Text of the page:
Brazil’s Indigenous People Ravaged by Amazon Fires

Kayapo people stand by their shelters in the Bau indigenous reserve in Altamira, in Brazil’s Amazon. (AP photo/Leo Correa)

ALTAMIRA, Brazil (AP) — As fires raged in the Amazon rainforest, Mydje Kayapo sat in a small boat looking out over the Curua River in the Bau indigenous reserve. The smell of smoke filled the air, and Kayapo was worried.

“The fire is coming closer and closer to our reserve,” he told reporters. “Now it is about 20 kilometers away.”

Kayapo, one of the Bau people’s leaders, helps organize a village watch group to protect the community’s lands from encroaching flames, and from illegal loggers, miners and others who would exploit the area. With fires spreading quickly to wide swaths of indigenous territories in recent weeks, his task has grown more critical.

So far in 2019, Brazil reported 83,000 fires, a 77% increase from the same period last year. Many of those were set in deforested areas by people clearing land for cultivation or pasture.

With more than 98% of Brazil’s indigenous lands in Amazonia, the threat to groups like Kayapo’s are particularly exposed.

According to Brazil’s National Space Research Institute, an estimated 3,553 fires are burning on 148 indigenous territories in the region.

“Just outside, our reserve is being heavily deforested. It’s being badly destroyed,” Kayapo said. “We indigenous people need to be united.”

As a multitude of international players discuss how to develop and protect the Amazon, Kayapo and others find themselves on the front line of firefighting efforts and an acrimonious feud with Brazilian President Jair Bolsonaro.

Bolsonaro has come under harsh criticism for environmental policies that are weakening safeguards in the rainforest. He claims Europeans are trying to infringe on his country’s sovereignty, and that the demarcation of indigenous lands has hindered business interests.

On Tuesday, he reasserted his claims at a meeting of Amazon regional governors, saying that reserves are being exploited by outsiders to stop the growth of Brazil’s economy.

“Many reserves are located strategically; someone arranged this,” Bolsonaro said, without clarifying who he was referring to. “Indians don’t have a (political) lobby, they don’t speak our language, but they have managed to get 14% of our national territory.”

As rhetoric escalates, indigenous leaders may have the most at stake.

A youth from the Kayapo indigenous community bathes in the river at dusk near his village in the Bau indigenous reserve in Altamira in Brazil’s Amazon. (AP photo/Leo Correa)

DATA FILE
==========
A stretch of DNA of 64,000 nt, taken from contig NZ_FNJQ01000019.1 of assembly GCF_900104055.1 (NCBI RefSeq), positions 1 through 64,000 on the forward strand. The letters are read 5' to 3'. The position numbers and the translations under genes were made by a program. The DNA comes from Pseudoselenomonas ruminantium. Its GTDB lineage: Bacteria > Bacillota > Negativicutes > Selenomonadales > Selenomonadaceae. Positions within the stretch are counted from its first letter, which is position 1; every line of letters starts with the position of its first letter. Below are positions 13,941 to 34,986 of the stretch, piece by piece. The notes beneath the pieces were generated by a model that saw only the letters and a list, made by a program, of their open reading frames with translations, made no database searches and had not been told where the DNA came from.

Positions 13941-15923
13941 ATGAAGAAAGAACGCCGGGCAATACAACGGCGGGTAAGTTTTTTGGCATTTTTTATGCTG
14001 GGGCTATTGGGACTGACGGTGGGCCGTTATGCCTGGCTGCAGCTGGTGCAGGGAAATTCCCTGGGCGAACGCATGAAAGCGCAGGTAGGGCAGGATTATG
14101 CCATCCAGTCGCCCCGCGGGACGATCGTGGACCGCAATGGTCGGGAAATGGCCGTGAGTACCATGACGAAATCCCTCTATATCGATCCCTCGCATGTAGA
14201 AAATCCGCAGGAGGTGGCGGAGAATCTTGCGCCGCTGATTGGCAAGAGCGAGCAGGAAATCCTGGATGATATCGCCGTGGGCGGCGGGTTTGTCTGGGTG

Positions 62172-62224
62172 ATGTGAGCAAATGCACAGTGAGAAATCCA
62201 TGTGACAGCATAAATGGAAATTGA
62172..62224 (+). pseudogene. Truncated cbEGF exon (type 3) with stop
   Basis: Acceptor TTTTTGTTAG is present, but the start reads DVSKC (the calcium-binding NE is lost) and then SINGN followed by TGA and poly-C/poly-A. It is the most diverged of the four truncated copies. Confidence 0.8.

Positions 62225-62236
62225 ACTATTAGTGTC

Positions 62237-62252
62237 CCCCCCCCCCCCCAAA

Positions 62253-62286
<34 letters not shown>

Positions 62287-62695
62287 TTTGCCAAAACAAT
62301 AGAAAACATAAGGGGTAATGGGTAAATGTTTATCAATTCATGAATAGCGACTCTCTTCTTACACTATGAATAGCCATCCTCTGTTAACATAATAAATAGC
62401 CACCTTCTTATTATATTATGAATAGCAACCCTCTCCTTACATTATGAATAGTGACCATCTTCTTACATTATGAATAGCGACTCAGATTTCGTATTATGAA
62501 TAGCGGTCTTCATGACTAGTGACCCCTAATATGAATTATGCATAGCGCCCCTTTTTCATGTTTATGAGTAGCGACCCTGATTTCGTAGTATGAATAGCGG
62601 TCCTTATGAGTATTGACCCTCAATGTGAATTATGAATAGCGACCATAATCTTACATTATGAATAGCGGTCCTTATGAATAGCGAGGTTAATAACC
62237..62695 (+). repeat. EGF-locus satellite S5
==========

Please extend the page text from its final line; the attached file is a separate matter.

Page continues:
Saulo Katitaurlu, a leader in the municipality of Conquista D’Oeste in Mato Grosso state, was woeful as he walked along the banks of the Sarare River.

“The non-indigenous do whatever they want and then put the blame on the Indian,” Katitaurlu said, adding that when his group reported a fire to authorities, a rancher said the tribe had set the blaze themselves.

This year, he said his indigenous group, the Nambikwara Sarare, felt the effects of farming and ranching expansion even more acutely and said inspectors were “not going after” the criminals.

“Some years ago there were a few (fires) but now there are more,” Katitaurlu said. “With the Amazon burning, this is the largest (fire) that has ever happened and the smoke is coming here. Today the sky is clean, but two days ago it was full of smoke, and hot.”

In recent days, leaders of the Group of Seven industrial nations pledged to help protect the Amazon region with $20 million, in addition to a separate $12 million from Britain and $11 million from Canada.

At the same time, Bolsonaro engaged in a personal feud with French President Emmanuel Macron, even insulting his wife, while Chilean President Sebastián Piñera said Latin America countries “have sovereignty over the Amazon.”

Leaders of all Amazon nations except Venezuela will meet Sept. 6 “to come up with our own unified strategy for preserving the environment, and also for exploration sustainable in our region,” Bolsonaro said Wednesday.

Although Bolsonaro and international players have dominated the discussion, some indigenous leaders appear to feel the most effective way to influence environmental preservation policies is to raise their own voices — or take matters into their own hands.

“I think this president doesn’t know the constitution very well,” said Kayapo, the leader from the Bau reserve. “We are resilient. If there is an invasion in our reserve, if they try to come here … we will react against the Bolsonaro government and say: ‘Not here. This reserve has an owner.'”

In an Aug. 24 video posted to YouTube, one indigenous woman wearing face paint and a headdress addressed the camera and vowed to “resist for the sake of the forest, for our way of living.”

“We from the Xingu River are connected to you, all together standing in defense of the Amazon,” she said. “We are on the front line and we need your support, join our fight.”

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